Lyfjafyrirtækið Pfizer mun nýta lausnir SidekickHealth í Evrópu til þess að hvetja sjúklinga í að fylgjast nánar með heilsu sinni. Lesa má umfjöllun Northstack um málið hér að neðan.

SidekickHealth and Pfizer just announced a partnership where the pharma giant will deploy SidekickHealth’s digital therapeutics platform across Europe, to empower patients to take control of their health on a number of therapeutic areas. While the exact value of the deal is undisclosed, Northstack has sources describing it as a ‘multi-million dollar deal’.

Pfizer continues to be at the forefront of the transformation of medicine, and we share their vision to empower people to better manage their own health and improve their quality of life,” Sidekick co-founder and chief executive officer Dr. Tryggvi Thorgeirsson said. “Our partnership with Pfizer has the potential to help a vast number of people do just that across multiple geographies, and as such, is precisely what we created Sidekick to do.”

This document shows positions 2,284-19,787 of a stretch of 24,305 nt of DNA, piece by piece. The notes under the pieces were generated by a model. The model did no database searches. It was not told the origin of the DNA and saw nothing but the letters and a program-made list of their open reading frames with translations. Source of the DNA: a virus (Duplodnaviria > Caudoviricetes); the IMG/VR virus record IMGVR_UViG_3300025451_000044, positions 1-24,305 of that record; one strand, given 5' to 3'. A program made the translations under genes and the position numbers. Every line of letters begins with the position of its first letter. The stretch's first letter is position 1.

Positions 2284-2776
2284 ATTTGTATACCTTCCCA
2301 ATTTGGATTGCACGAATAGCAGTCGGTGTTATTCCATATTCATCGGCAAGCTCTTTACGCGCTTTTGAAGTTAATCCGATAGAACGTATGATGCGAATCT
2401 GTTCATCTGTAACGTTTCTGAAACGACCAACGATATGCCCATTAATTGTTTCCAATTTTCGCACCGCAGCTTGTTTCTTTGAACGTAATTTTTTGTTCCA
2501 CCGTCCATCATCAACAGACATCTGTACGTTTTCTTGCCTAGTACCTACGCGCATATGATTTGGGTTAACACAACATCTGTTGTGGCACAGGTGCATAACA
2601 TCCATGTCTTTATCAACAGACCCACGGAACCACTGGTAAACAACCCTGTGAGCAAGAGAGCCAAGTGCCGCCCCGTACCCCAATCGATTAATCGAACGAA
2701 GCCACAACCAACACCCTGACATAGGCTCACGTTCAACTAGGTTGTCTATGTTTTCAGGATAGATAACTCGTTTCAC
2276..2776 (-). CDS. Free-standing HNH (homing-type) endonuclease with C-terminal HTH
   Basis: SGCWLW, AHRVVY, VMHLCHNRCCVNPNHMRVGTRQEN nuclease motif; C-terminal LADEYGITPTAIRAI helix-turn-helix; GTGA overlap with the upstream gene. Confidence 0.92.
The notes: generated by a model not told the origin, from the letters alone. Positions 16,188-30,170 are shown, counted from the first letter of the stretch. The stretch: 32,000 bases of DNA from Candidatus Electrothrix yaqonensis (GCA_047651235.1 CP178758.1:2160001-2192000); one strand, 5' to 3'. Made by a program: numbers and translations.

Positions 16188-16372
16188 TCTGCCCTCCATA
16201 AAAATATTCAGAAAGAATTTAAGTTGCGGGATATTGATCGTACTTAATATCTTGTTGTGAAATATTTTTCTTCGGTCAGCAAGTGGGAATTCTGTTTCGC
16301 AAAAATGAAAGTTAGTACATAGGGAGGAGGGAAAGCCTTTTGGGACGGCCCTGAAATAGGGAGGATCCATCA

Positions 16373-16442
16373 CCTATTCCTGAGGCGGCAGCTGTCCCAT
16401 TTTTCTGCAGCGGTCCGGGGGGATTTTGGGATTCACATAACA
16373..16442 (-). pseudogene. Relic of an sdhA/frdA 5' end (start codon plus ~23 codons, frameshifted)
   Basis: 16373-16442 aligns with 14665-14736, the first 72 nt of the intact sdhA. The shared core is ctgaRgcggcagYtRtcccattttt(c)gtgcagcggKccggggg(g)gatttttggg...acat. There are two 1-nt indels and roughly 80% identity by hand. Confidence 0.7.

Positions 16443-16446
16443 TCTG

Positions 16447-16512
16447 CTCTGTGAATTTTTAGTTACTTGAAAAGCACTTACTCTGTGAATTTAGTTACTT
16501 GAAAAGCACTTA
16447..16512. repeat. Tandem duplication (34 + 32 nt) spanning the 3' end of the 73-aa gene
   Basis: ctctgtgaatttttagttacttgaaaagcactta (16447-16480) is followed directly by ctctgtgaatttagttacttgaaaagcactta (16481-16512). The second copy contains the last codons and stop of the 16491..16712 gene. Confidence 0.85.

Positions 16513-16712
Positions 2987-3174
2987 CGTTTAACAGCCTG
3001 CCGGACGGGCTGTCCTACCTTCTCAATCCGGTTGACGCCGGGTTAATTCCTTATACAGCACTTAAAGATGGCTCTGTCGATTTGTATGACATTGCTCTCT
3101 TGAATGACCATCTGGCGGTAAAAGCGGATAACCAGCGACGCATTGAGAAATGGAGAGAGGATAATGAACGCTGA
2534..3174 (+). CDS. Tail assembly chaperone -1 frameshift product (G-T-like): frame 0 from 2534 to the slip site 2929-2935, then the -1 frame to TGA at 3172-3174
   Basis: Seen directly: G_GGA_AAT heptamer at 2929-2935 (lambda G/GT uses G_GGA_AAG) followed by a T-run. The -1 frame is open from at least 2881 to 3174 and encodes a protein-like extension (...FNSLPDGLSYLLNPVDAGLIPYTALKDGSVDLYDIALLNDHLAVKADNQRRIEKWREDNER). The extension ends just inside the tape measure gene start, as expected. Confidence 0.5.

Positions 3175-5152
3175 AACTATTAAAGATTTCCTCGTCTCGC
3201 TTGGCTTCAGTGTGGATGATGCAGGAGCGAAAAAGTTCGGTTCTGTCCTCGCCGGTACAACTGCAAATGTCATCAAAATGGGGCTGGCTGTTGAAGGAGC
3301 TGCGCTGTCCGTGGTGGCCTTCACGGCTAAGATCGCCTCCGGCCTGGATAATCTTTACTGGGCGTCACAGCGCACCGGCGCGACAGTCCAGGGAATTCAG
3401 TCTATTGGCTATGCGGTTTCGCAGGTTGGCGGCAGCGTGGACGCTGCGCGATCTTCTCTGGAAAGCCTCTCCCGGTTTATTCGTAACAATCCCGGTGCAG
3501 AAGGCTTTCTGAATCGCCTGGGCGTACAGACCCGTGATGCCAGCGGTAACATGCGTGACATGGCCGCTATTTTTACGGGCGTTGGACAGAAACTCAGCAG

This collaboration follows an earlier partnership between the companies, where SidekickHealth’s platform was used in Austria to help people quit smoking. This time around, they’re expanding the scope. First, for patients in Finland suffering from the two main inflammatory bowel disease (IBD) conditions, ulcerative colitis (UC) and Crohn’s disease (CD), and then for patients with rheumatoid arthritis (RA), atopic dermatitis (AD) and psoriatic arthritis (PsA). During 2020, the platform will also be made available for UC and RA patients in Sweden, Belgium, Netherlands, Ireland, Switzerland and Austria, with plans to expand the reach.

At Pfizer we are committed to enabling health living, and as part of this we are constantly looking for new partners and digital solutions that can significantly improve the lives of patients,” said Rob Day, Western Europe Cluster Lead, Inflammation and Immunology Group at Pfizer.   “Partnering with digital experts such as Sidekick will further support Pfizer’s breakthrough therapies in an area where the burden of disease among patients is significant.”